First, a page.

Only 24 astronauts have ventured past Earth’s protective magnetic field. These were the moon-bound astronauts of the Apollo missions. However, one group of scientists has brought attention to a possible side-effect of these deep-space missions: Heart disease.

A recent study, published in the journal Scientific Reports, reported on the troubling relationship. The title says it all: Apollo Lunar Astronauts Show Higher Cardiovascular Disease Mortality: Possible Deep Space Radiation Effects on the Vascular Endothelium. Yes, some Apollo astronauts are dying of heart disease at a higher rate than would be expected, according to the recent study. If true, this health risk could have implications for future deep-space missions to Mars.

The study looked at three distinct groups: seven of the Apollo astronauts (of the 24, 16 are still alive), 35 trained astronauts that have never flown to space, and 35 astronauts who have only flown in low-Earth orbit. The results show a clear difference in heart disease fatalities. “[T]he [cardiovascular] mortality rate among Apollo lunar astronauts (43%) was 4–5 times higher than in non-flight and [low-Earth orbit] astronauts,” the report says.

It should be noted that this study has an extremely small sample size, a fact which lead author Michael Delp at Florida State University is very-much aware. "Certainly, that small sample size is something to keep in mind, but in almost all space studies with humans you're dealing with a small number of individuals," Delp told Popular Mechanics. However, this part of the study has fallen under a fair amount of criticism.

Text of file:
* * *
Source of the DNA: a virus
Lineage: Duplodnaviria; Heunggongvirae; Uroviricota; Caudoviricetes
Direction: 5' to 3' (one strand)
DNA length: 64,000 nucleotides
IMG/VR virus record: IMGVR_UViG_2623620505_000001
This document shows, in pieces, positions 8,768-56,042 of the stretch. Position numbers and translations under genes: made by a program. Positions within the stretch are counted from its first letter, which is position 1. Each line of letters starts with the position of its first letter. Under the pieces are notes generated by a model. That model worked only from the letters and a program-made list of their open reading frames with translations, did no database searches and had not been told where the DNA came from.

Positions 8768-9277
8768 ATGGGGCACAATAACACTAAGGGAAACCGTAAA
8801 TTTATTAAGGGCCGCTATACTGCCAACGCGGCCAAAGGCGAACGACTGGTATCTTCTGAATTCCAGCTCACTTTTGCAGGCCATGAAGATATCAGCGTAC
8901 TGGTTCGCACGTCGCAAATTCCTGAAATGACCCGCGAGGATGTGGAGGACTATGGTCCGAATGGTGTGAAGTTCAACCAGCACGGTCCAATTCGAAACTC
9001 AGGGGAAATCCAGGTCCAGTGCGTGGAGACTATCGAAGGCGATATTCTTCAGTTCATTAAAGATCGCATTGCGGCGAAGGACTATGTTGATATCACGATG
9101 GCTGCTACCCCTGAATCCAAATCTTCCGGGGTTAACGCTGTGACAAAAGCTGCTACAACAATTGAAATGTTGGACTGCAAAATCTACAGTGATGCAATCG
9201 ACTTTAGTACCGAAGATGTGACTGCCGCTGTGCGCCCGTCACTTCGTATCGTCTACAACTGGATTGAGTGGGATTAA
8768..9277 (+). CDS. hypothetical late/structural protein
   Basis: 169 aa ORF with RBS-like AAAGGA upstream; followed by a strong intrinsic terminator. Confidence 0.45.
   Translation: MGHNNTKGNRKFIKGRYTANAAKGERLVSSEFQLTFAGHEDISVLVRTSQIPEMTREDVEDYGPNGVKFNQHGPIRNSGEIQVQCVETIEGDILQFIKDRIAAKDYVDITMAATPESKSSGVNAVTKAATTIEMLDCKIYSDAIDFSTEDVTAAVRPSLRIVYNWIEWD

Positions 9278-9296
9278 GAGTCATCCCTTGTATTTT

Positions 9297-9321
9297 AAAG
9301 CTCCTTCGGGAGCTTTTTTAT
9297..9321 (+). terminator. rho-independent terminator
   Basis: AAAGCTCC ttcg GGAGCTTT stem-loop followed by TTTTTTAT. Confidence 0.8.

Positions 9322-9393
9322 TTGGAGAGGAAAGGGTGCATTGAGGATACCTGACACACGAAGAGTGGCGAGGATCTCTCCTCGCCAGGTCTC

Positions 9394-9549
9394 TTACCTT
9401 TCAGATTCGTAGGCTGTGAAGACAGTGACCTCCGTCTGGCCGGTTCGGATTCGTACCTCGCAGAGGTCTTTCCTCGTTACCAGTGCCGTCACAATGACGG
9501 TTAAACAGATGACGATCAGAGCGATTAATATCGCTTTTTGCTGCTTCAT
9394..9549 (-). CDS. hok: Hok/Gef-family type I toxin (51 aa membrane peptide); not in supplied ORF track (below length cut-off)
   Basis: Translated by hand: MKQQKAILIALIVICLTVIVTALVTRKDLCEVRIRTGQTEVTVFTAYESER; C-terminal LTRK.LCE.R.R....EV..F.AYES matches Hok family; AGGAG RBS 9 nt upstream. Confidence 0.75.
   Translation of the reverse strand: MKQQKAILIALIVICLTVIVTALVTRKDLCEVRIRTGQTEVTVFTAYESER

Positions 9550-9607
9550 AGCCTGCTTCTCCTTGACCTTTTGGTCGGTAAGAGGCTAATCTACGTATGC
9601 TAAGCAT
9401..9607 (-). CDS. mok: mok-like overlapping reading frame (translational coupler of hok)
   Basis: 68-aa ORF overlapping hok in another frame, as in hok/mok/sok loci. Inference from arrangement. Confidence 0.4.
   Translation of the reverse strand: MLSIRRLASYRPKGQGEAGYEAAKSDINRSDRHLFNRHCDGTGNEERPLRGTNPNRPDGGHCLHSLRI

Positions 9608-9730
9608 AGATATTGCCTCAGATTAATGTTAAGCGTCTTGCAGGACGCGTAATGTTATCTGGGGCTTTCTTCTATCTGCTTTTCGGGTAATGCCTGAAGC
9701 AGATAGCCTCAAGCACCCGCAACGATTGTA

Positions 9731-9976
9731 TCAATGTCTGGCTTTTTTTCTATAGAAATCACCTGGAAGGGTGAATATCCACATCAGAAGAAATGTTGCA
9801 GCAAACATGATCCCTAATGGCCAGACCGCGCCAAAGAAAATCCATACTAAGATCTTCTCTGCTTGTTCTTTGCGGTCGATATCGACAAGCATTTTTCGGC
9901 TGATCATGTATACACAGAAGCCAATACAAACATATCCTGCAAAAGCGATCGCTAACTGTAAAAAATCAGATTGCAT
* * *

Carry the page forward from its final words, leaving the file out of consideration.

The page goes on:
It's important to note that of the eight astronauts who have passed away, only three are known to have died of heart disease: Neil Armstrong; James Irwin, and Ronald Evans. (Edgar Mitchell died in February 2016 in hospice care, but the cause of his death has not been released.)

Still, Delp and his team believe it was the astronauts' exposure to cosmic radiation, which has caused the asserted high mortality rate from heart disease. Why these symptoms only manifest years later? Delp cannot say—no one can really say.

There are known risks going out into deep space. One major issue NASA will have to contend with is getting Mars astronauts safely to the Red Planet without melting their brains. Space does strange things to the human body, like thinning the skin. It’s not entirely certain that we can add heart disease to the list. It will be interesting to see what follow-up studies discover.

Below NASA engineer discusses how the they plan to send astronauts deeper into space, safely: